Fort Lauderdale - History
Fort Lauderdale History
The first inhabitants of the Fort Lauderdale area were Seminole Indians, who arrived in Florida during the 18th and 19th centuries. The city itself got both its start and name from Major William Lauderdale, who in 1838 led his Tennessee Volunteers into the area during the Seminole War. Shortly after they arrived, Lauderdale and his men had cleared the land and raised the New River Fort on the site of the modern city. After a minor battle, Lauderdale and his volunteers left the fort to return to Tennessee, though fighting between the US and the Seminole people continued through the late 1850s.
In 1893, Frank Stranahan arrived and built the first trading post in the area near the site of the fort. Stranahan went on to operate the area's first ferry, became its first postmaster, open its first bank and kickstart the local government.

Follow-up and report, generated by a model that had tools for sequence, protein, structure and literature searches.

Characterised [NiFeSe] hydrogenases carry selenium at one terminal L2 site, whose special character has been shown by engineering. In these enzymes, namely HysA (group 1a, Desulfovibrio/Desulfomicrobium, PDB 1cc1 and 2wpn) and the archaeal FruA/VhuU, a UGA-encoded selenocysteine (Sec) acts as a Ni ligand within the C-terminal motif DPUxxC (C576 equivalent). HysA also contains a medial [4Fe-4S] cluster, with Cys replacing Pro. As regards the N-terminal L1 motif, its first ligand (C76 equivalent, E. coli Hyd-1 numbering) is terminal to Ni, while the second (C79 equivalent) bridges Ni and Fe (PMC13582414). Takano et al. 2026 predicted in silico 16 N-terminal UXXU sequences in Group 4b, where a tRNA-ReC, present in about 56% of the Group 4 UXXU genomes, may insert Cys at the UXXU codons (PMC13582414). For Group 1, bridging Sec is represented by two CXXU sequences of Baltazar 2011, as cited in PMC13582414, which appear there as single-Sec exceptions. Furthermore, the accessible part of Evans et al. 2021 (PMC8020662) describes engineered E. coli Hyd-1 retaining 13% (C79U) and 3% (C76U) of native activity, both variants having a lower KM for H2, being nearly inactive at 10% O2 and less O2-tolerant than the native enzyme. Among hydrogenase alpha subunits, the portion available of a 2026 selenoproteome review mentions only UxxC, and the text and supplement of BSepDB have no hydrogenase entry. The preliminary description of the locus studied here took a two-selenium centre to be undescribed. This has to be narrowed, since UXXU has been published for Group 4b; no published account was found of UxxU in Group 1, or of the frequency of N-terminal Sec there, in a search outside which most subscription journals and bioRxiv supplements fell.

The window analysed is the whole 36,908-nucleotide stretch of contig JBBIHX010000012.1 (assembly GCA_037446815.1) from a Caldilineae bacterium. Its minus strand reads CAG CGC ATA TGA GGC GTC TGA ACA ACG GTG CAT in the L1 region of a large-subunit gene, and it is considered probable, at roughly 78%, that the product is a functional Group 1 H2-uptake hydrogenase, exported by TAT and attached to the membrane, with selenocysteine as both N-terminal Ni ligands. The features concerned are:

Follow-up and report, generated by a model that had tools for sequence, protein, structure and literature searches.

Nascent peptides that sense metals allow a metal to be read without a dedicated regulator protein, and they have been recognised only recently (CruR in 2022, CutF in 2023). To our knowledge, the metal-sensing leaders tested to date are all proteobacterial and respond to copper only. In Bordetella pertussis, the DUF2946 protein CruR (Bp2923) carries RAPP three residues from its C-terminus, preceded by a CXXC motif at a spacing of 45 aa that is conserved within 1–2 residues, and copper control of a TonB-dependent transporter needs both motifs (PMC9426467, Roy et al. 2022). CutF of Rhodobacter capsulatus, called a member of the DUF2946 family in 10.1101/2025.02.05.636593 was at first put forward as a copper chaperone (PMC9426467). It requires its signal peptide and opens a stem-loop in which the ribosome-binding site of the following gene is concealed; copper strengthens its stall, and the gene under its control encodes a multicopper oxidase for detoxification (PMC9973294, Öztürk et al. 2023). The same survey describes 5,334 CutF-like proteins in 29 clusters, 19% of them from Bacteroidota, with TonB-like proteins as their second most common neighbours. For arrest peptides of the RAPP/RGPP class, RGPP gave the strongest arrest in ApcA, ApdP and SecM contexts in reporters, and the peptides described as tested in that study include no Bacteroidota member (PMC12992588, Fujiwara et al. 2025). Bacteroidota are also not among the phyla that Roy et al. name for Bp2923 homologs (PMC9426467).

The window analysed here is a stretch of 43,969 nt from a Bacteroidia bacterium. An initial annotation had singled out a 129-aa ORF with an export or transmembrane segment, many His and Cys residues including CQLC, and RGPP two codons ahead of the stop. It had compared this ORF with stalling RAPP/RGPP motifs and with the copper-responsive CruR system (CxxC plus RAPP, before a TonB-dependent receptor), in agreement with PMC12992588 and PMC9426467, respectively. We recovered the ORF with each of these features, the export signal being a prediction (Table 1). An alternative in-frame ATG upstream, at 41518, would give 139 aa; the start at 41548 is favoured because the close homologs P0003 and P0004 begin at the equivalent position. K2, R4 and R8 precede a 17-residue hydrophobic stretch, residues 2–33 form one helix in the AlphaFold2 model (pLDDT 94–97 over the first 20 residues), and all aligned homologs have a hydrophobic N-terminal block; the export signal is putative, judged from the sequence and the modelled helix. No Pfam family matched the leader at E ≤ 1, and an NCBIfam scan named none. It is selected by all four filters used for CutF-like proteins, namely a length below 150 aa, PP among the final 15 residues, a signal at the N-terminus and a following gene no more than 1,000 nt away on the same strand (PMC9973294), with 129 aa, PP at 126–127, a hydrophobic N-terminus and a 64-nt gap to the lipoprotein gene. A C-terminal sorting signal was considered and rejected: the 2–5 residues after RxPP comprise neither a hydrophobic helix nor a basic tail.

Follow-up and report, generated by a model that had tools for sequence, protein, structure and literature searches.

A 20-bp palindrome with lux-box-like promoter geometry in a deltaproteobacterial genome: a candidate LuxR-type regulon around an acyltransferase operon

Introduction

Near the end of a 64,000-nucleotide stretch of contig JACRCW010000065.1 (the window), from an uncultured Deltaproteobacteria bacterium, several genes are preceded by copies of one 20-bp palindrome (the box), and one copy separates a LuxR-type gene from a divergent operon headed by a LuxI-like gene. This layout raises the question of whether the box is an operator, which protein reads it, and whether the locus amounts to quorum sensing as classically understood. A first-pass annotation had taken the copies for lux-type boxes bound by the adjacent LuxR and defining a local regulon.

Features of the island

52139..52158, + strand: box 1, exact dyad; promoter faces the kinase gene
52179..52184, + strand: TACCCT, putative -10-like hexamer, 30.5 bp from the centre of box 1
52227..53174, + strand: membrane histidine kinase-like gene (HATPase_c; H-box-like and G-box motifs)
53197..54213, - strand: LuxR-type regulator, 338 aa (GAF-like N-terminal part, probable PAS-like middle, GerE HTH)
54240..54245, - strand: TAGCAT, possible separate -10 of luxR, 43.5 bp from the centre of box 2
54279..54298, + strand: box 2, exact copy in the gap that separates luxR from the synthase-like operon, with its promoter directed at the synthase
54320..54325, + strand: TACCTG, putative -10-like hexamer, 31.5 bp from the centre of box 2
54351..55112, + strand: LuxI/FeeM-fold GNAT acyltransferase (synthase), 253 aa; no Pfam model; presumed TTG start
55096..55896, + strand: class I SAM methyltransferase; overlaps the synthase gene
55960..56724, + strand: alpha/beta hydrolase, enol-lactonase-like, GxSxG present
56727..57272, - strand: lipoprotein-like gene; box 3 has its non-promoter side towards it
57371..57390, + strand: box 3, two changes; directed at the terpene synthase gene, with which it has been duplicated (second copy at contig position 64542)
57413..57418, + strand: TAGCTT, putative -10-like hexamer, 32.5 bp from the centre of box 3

Fort Lauderdale was incorporated as a town in 1911, and in 1915, when Broward County was formed, it was selected as the county seat. In its early years, Fort Lauderdale was a predominantly agricultural community, raising dairy cows and citrus groves. Its population boomed in the early 1920s but stagnated after a hurricane later in the decade. By the late 1940s and early 1950s, Fort Lauderdale had been rebuilt and its population again began to swell.
Fort Lauderdale found its calling as a tourist destination during the 1960s, when teeny-bopper propaganda films began to hype it as America's Spring Break mecca. Legends of weeklong bacchanalian stumblefests spread during the 1970s and early 1980s, culminating in B-movie stinkers like Spring Break and Where the Boys Are '84, until the local community decided enough was enough. In came the police force, out went the yahoos and so began a remarkably successful barrage of counter-propaganda throughout the nation's universities and colleges.
Over the past decade, the city has worked hard to all but stamp out its Spring Break image, fostering instead a more genteel beachside demeanor and relegating the hellraising to indoor bars and nightclubs. These days, Fort Lauderdale's almost as likely to be seen as a charming berth for wandering yachties as it is to conjure images of wet T-shirt contests. Almost.